New Illinois Texting-While-Driving Law Increases Penalties
Posted on August 24th, 2018 by Zane Cagle
New Law Signed Last Week Focuses on Decreasing Distracted Driving
House Bill 4846 was signed into law last week by Governor Bruce Rauner regarding driver’s use of cell phones while driving. House Bill 4846 re-categorizes first-time offenses for drivers distracted by hand-held gadgets such as cell phones or GPS devices. Now, first time offenses will be classified as “moving violations” and will go on driver’s driving records.
The new law will make it a Class A misdemeanor if the offense results in great bodily harm, permanent disability or disfigurement to another person. Penalties for using a cell phone while driving resulting in a crash can prison time if convicted.
Other penalties include increased fines graduated by the number of offenses. Drivers may still use an electronic communication device in hands-free or voice-operated mode which may include use of a headset.
The new law goes into effect July 1, 2019. Prior to HB 4846, state law recognized first-time offences for distracted driver as “nonmoving violations” resulting in only a $75.00 fine. Illinois is one of 41 states in the U.S. that currently has disciplinary texting-and-driving laws on the books.
Distracted Driving and Inattentiveness
Distracted driving and inattentiveness are most frequent causes of crashes. Of course, those categories can seem blurred because if you are texting and driving, you are engaging in distracted driving and you are inattentive at the same time. Inattentiveness covers a broader list of bad driving behaviors to include all behaviors that distract the driver’s eyes away from the roadway. Thus, inattentiveness can simply be failure to pay attention and includes behaviors such as putting makeup on in the car, reading while driving, looking for things on the floorboards and any behavior that in general takes your attention away from the road. Occasionally, we all have these issues come up while we are driving, but we all should pull over at a safe spot to perform these tasks.
Distracted driving is commonly thought of as texting-and driving or operating another electronic device such as GPS or an iPad. In this day and age of hands-free and voice-operated directions, we should NEVER be texting and driving. Now, Illinois is putting more teeth in law practices and we welcome it.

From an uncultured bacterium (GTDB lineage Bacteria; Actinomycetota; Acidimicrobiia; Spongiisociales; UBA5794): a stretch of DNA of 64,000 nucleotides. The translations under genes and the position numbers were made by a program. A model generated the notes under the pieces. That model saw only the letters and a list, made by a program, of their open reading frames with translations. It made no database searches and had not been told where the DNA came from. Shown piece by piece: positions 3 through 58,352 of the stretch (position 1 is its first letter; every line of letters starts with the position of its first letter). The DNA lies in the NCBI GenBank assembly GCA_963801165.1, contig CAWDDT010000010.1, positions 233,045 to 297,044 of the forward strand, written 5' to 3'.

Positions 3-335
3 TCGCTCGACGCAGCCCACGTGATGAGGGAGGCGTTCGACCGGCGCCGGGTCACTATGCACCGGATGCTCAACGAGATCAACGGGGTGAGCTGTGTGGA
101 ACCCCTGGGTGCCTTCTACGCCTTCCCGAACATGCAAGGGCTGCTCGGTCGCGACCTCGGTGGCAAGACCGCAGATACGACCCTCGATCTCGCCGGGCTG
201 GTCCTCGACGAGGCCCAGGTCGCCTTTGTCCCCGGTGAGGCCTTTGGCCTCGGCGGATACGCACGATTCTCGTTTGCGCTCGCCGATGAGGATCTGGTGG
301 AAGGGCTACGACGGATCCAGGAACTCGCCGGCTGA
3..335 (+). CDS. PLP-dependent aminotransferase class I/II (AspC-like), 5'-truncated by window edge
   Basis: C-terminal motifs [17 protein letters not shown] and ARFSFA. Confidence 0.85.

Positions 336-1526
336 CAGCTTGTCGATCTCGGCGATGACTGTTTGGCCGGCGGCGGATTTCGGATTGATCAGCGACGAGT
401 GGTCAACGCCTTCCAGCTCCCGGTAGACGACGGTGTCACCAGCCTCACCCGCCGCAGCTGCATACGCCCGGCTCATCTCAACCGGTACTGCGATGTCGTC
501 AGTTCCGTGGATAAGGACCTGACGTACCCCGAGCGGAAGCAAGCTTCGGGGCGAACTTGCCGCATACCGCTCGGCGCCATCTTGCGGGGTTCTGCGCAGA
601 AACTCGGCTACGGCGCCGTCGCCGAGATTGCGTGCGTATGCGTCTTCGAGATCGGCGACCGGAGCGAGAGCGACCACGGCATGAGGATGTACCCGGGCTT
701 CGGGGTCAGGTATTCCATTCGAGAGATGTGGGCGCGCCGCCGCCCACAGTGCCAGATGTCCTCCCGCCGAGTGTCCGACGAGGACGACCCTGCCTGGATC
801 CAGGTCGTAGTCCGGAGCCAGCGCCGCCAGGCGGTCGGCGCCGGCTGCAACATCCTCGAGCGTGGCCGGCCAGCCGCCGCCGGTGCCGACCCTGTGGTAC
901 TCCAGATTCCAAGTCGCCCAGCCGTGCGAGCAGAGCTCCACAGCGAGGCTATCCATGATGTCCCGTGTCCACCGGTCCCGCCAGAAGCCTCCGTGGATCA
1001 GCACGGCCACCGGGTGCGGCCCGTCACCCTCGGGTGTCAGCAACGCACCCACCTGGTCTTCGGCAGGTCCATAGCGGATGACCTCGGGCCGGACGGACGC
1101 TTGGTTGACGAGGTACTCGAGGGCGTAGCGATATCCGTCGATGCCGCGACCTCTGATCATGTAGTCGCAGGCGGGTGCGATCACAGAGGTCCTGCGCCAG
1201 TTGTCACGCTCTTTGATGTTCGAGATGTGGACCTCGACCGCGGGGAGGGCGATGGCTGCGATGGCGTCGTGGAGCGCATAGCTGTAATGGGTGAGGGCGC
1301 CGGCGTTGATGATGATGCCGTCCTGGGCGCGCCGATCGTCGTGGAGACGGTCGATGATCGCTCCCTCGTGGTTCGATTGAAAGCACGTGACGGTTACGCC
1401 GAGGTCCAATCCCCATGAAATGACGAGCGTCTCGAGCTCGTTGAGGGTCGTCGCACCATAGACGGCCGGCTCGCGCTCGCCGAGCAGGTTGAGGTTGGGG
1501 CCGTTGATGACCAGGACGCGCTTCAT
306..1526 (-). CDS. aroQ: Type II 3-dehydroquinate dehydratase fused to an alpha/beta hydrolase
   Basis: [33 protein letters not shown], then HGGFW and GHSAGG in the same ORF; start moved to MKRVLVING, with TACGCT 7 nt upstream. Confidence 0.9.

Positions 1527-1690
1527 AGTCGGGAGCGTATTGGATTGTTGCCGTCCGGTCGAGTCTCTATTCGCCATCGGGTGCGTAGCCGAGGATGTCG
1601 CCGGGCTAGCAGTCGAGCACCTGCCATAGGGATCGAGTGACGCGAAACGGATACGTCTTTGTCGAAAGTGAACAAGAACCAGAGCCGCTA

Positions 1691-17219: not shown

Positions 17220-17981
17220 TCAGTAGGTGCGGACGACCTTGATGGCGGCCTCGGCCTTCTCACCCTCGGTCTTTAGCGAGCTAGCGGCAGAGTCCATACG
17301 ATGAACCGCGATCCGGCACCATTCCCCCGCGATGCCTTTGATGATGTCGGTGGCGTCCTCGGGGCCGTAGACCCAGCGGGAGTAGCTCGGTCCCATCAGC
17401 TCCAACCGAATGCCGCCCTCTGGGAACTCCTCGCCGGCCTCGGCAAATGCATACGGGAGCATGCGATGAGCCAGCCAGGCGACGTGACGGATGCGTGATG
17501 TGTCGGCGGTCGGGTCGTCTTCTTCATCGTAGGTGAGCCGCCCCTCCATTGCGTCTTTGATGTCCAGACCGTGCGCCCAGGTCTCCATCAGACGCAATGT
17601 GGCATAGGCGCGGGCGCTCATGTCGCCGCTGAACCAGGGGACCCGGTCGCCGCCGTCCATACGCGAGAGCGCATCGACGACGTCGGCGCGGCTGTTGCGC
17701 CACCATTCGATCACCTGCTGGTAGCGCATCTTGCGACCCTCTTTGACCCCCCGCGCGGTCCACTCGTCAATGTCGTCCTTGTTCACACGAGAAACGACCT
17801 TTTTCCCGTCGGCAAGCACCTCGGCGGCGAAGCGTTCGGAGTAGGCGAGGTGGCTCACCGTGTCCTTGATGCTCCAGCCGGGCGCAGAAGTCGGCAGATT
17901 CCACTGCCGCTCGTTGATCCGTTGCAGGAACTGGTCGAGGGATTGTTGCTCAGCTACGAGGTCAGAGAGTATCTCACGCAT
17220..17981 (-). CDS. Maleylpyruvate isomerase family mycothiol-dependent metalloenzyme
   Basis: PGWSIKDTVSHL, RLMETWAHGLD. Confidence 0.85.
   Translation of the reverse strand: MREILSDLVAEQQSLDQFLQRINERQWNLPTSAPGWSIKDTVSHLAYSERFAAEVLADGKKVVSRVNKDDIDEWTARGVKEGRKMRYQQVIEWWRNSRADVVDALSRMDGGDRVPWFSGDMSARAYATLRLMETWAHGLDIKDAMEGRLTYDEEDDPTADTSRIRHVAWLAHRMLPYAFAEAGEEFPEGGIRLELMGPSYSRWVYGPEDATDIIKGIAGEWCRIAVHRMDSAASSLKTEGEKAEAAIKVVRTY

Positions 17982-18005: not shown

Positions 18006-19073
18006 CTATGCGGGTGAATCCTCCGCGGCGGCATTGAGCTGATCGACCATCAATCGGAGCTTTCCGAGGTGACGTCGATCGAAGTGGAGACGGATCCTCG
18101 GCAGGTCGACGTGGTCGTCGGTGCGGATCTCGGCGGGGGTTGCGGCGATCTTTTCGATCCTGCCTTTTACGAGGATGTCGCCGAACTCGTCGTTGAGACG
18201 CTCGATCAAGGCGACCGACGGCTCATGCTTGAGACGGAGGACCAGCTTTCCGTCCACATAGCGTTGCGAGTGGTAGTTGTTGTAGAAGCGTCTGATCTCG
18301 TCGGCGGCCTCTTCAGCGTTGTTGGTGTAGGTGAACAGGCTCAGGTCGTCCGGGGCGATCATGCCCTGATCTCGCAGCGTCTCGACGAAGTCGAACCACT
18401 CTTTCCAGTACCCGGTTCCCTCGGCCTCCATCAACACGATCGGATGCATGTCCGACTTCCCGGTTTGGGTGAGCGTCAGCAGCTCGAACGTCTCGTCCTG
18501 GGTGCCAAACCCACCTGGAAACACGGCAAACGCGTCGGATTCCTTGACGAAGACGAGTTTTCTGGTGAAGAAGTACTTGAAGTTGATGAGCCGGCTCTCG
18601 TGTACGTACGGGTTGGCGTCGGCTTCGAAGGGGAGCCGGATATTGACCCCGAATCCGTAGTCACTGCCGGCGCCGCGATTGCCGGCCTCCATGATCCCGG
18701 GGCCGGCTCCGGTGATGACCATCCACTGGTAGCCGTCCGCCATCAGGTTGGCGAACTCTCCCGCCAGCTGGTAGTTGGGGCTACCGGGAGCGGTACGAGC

Missouri Should Come Along with Similar Stiff Penalties
Missouri is still on of only three states in the union where there are no laws prohibiting texting and driving. This is ridiculous. In Missouri, drivers under 21 are banned from texting and driving, but this is hardly good enough. In Missouri, there is a distracted car crash every three hours on average. Each and everyone of us has some kind of horrible texting and driving story where we narrowly escaped a crash because someone was obliviously texting away on their phone. I followed a guy down the street the other night and clearly, I could see he was watching a video while driving!!! I had to keep my distance as he was all over the road. How could he not be?
Statewide, Missouri has failed to pass any bills brought to the floor in the last three years. Seriously, almost every other state has noticed the importance of putting real penalties behind distracted driving offenders. Often, the driving behavior of a distracted driver is equal to the bad driving of an impaired driver. There have been a few St. Louis and Kansas City municipalities that have enacted local ordinances banning texting and driving, but we need to get on board on a state level.
Motor Vehicle Collisions Due to Distracted Driving
If you or a loved one has been involved in a car crash that results in injury, you will need an attorney. At the very minimum, you should consult an attorney BEFORE you speak to any insurance adjusters. We offer free, confidential consultations to help you avoid the most common mistakes after a crash.
Call us toll free 1.800.685.3302 or locally 314.391.5220